Md Ishak Khan

ORCID Identifier(s)


Graduation Semester and Year




Document Type


Degree Name

Doctor of Philosophy in Mechanical Engineering


Mechanical and Aerospace Engineering

First Advisor

Ashfaq Adnan


The long-term objective of this dissertation is to link blast-induced traumatic brain injury (TBI) with multiscale, multiphysics damage evolution in the brain using experimentally verifiable computations and simulations. The short-term goal is to conduct modeling and simulation to correlate dynamic mechanical loading to damage in sub-axonal components. It is known that the interior of the brain at the macroscale (10^-1 m) is composed of two distinct components, the grey matter, and the white matter. Within the cortex, the grey matter primarily takes the form of cortical columns (mesoscale: 10^-3 m), which are six layered structures, each composed of 8-10 thousand neurons with unmyelinated axons. White matter, on the other hand, consists of the myelinated axons structured as fiber tracts, whose cell bodies are in the grey matter. Structurally, a single neuron (microscale: 10^-6 m) is composed of a soft cell body (soma), fibrous dendrite branches, and an axon fiber. Both axons and dendrites are supported by the cytoskeleton (nanoscale: 10^-9 m), which is primarily composed of neurofilaments, microfilaments, tau proteins and microtubules. As such, strain rate dependent studies are particularly important for characterizing cytoskeletal components and hence obtaining molecular level insight on neurological disorder and/or damage, such as Traumatic Brain Injury (TBI). Of all the elements of the cytoskeleton, tau protein and NF lacks understanding due to presence of unstructured portions in the structure. Due to the length scale of cytoskeletal components, they are suitable for molecular level computational studies. In this thesis, we have developed reliable predicted structures for the disordered molecules such as tau protein and neurofilaments. Then we have captured the stress-strain response of tau protein, neurofilaments, actin, spectrin, and actin-spectrin interaction model under different mechano-biological scenario. In the first study, we have shown the effect of strain rate on single tau, dimerized tau, and tau-MT interface interaction. In the second study, we have incorporated domain and residue focused phosphorylation in tau. Therefore, this study addresses the behavior of tau according to the phosphorylated state and attempts to find out the effect of this post-translational modification. The first and second studies have successfully provided crucial insights regarding rate dependent aspects of tau, and structural and chemical response of this cytoskeletal component. In the third study, we have performed similar strain rate dependent tests on the sidearms of NF isoforms. The fourth study has taken tau and NF studies further and characterized tau and NF behavior by fitting their relaxation data to established viscoelastic models. In the fifth study, high strain rate response of actin, spectrin, and actin-spectrin interaction model have been determined. Based on the five studies performed, we have particularly enhanced the existent computational model, which does not include all elements of axon such as tau protein and NFs. Furthermore, we have also aided the finite element modeling of axon model, as due to the inclusion of the insight and deformation aspects of tau protein and NFs it will be more realistic and comprehensive. Therefore, our study is impactful in the sense is that it will pave the pathway to develop a bottom up approach of computational axon modeling.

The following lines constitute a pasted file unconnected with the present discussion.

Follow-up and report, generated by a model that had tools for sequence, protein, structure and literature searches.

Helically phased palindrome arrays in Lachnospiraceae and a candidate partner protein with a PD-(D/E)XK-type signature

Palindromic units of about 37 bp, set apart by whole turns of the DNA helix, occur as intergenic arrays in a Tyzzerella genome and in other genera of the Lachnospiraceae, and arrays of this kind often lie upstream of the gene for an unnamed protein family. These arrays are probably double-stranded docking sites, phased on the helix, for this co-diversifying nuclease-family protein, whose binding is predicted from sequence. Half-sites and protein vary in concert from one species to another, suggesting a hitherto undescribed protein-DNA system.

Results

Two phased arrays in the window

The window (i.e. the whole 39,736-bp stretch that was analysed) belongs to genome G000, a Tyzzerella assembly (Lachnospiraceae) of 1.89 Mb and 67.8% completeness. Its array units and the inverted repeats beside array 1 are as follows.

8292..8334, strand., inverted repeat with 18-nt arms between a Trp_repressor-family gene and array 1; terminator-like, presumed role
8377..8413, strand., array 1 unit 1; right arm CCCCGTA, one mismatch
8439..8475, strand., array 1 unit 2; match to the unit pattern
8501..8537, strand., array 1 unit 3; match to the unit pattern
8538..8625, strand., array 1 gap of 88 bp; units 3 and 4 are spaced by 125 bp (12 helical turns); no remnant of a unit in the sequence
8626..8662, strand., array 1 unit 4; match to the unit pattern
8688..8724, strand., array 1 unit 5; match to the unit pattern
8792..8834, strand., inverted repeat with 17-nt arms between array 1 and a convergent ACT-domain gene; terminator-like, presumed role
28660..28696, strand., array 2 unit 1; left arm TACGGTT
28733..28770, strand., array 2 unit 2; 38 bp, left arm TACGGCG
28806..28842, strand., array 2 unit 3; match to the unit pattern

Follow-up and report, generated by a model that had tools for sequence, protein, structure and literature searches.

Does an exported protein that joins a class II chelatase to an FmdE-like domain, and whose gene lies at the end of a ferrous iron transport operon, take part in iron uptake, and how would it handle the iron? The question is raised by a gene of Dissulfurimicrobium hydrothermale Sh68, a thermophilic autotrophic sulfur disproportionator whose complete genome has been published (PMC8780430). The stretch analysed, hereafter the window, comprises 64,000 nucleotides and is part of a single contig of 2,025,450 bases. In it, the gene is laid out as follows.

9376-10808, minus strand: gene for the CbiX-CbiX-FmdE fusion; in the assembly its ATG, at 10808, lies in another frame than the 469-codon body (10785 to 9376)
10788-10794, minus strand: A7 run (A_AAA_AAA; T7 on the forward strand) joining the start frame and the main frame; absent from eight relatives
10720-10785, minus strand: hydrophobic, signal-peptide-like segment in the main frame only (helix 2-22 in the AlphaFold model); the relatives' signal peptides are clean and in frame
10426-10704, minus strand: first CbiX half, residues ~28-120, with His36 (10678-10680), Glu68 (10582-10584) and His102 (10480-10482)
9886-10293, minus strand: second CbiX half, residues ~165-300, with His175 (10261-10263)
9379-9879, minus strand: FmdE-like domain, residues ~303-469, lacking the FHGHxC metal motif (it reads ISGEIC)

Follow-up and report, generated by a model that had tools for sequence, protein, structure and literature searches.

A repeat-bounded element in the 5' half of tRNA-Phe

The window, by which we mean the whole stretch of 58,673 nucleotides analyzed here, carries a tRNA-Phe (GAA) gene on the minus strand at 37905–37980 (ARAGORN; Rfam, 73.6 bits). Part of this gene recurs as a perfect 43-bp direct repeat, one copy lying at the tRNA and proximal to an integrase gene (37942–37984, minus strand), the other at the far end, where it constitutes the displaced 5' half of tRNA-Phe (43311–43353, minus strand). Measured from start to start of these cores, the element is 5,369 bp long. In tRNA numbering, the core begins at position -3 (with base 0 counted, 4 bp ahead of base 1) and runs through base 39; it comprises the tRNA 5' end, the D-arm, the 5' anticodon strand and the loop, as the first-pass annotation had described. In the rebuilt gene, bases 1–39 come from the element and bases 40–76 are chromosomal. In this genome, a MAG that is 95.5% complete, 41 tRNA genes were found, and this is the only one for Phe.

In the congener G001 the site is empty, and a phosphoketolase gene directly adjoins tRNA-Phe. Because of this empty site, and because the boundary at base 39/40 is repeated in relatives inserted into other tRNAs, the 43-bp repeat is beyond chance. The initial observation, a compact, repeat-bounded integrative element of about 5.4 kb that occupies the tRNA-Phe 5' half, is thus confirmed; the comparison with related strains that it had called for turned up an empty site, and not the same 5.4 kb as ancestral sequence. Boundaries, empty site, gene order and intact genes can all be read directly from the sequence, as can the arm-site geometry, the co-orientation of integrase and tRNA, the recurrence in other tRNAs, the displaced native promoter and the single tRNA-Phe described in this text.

Traumatic brain injury, Axon, Neuron, Axonal cytoskeleton, Mechanical behavior


Aerospace Engineering | Engineering | Mechanical Engineering


Degree granted by The University of Texas at Arlington